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Feature: Bill Gates Wants to Reinvent Toilets

africaEngineering researchers who toil in the field of sanitation, especially sanitation for the world’s poorest citizens, used to find that their field carried about as much cachet as a fly-ridden latrine. Not anymore. In July, 2011, the Bill & Melinda Gates Foundation announced eight grants totaling $3 million for university engineering projects to “Reinvent the Toilet.”

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Lesson: Landfills and Contamination

What happens to garbage? In this lesson, students grades 9-12 derive the answer by building their own landfill. While observing how household waste can leach into soil and groundwater, they also learn the importance of well supervised, sanitary disposal sites.

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Website: Superfund Sites Where You Live

EPA LogoThis comprehensive website, run by the Environmental Protection Agency, provides lists of Superfund sites organized by state. A Superfund site is an uncontrolled or abandoned place where hazardous waste is located, possibly affecting local ecosystems or people. Important documents, contacts, timelines, and historical information are available for each location.

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Resource: Hazardous Waste Class Activities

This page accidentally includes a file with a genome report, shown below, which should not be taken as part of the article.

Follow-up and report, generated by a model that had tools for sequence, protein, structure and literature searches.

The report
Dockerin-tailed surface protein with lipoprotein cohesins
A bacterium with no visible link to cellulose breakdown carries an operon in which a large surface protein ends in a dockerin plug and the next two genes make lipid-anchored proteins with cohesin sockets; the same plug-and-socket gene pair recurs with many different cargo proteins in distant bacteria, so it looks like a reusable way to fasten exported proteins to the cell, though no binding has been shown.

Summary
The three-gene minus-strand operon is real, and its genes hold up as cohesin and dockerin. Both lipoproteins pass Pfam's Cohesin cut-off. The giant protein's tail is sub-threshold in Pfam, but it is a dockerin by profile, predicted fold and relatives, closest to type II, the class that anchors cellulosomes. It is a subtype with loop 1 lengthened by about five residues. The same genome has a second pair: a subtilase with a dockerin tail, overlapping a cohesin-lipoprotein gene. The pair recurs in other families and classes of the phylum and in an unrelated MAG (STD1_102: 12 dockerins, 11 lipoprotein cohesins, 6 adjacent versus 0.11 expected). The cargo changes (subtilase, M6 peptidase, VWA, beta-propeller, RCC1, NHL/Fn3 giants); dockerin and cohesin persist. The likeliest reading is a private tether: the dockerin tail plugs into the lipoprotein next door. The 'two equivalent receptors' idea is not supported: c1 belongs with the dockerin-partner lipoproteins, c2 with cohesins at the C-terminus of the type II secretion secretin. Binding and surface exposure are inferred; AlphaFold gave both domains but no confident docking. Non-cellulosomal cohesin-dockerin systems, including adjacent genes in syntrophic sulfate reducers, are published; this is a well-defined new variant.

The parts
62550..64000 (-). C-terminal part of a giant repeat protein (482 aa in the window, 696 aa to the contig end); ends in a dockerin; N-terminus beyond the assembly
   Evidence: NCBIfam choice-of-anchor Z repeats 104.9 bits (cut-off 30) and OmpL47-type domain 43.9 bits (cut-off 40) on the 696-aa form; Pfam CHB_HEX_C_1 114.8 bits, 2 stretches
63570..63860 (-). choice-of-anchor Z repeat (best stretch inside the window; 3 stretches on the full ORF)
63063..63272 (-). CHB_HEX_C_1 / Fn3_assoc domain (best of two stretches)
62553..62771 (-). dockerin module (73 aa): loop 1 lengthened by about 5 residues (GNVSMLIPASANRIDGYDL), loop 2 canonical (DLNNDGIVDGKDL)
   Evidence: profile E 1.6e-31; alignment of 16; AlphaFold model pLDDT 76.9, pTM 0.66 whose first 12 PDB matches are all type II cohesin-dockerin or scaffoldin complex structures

EPA-Logo1HAZ-ED is a collection of class materials for grades 7-12 focusing on hazardous waste, dump sites, and efforts of remediation The materials — which include basic information, warm-up and full class activities, fact sheets, a glossary, suggested readings, a brochure about the Superfund program, and a bibliography — can be used as part of a larger curriculum or stand-alone.

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Feature: Learning from Blight

Polluting BuilidingFor residents of Pennsylvania’s Lehigh Valley, Blue Mountain is a scar on the landscape and a health hazard. But for 120 sixth graders at Eyer Middle School in Macungie, Pa., Blue Mountain became a laboratory for understanding the nation’s problems with toxic waste and ways to clean it up.

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Lesson: Trash Talkin’

RecycleIn this activity, students in grades 3-5 collect, categorize, weigh and analyze classroom solid waste. The class collects waste for a week, and then student groups spend a day sorting and analyzing the garbage with respect to recyclable and non-recyclable items. Students will discuss ways that engineers have helped to reduce solid waste.

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Website: Think Green Recycling

The Think Green website engages students in learning about the environment. Materials include teacher and student pages, with standards-based lesson plans, hands-on classroom activities, and at-home extensions, as well as video clips and printable posters.

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Lesson: The Energy of Decay

In this lesson, students in grades K-5 learn how decaying organic matter can be harvested as a source of energy. After brainstorming as to how old metal, plastic, and paper can be a resource, students find uses for an old piece of fruit. They view an informative video on harvesting organic material for energy. Once their their investigation is complete, students observe conditions that promote the most rapid decay of a piece of fruit.

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